Since foreigners are few and far between in a small town, you are stuck with what you get.  Unlike the cities, where you can choose your friends, if you want the company of westerners in a small town, you don’t really have that much of a choice.  People that you would normally not associate with have to be included in your friend circle because there is simply no one else.  I got really lucky here, because with just one or two exceptions, most of the people I met are quite nice.  Again, not necessarily people I would have chosen to hang out with back home, but the synergy worked, and now some have become very good friends.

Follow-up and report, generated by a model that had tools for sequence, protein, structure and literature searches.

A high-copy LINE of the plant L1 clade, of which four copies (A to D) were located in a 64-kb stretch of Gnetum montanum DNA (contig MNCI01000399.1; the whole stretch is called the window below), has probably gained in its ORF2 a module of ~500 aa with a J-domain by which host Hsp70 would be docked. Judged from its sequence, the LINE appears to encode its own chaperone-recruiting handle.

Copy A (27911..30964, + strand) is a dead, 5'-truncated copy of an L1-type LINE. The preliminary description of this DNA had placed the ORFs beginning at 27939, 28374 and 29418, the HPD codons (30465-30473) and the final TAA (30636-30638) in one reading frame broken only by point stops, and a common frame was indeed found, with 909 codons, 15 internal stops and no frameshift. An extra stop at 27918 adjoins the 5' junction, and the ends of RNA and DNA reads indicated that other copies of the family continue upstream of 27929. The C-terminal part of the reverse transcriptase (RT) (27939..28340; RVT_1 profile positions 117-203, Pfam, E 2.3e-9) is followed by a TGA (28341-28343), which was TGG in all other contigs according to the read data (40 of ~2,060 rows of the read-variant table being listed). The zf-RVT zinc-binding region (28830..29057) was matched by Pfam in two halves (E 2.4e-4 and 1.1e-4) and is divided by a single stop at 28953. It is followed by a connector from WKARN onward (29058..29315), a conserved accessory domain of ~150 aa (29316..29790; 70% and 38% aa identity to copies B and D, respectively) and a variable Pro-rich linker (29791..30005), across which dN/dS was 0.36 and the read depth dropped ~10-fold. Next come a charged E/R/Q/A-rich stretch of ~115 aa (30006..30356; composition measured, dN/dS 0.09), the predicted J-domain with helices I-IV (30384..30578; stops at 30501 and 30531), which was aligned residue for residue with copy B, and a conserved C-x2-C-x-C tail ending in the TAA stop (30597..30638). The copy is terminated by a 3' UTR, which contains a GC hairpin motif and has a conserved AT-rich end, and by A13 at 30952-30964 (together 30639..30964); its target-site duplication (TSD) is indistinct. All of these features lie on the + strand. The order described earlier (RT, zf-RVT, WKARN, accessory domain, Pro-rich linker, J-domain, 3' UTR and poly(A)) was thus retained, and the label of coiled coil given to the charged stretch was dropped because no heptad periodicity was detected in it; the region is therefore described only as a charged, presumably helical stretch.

The other side of the coin is that if you can’t get along with people, just wait a year – most will leave and there will be a fresh crop coming in.  But this also leads to another dilemma – you may get close to people who will be leaving in a year.  Akin to Fight Club’s single serving friendships.

Something else I should mention here is what I term “fringe people”.  It’s known that some people come here because they are outcasts back home.  Weird personalities, inability to fit in socially – whatever – these “fringe people” are also pushed out of the foreign western circles in the cities and may move to the smaller towns where they are more comfortable.  I’ve come across a few here – generally harmless, but quite eccentric.

All this is moot if you speak the language – then you have the ability to make Taiwanese friends and learn much more about life here.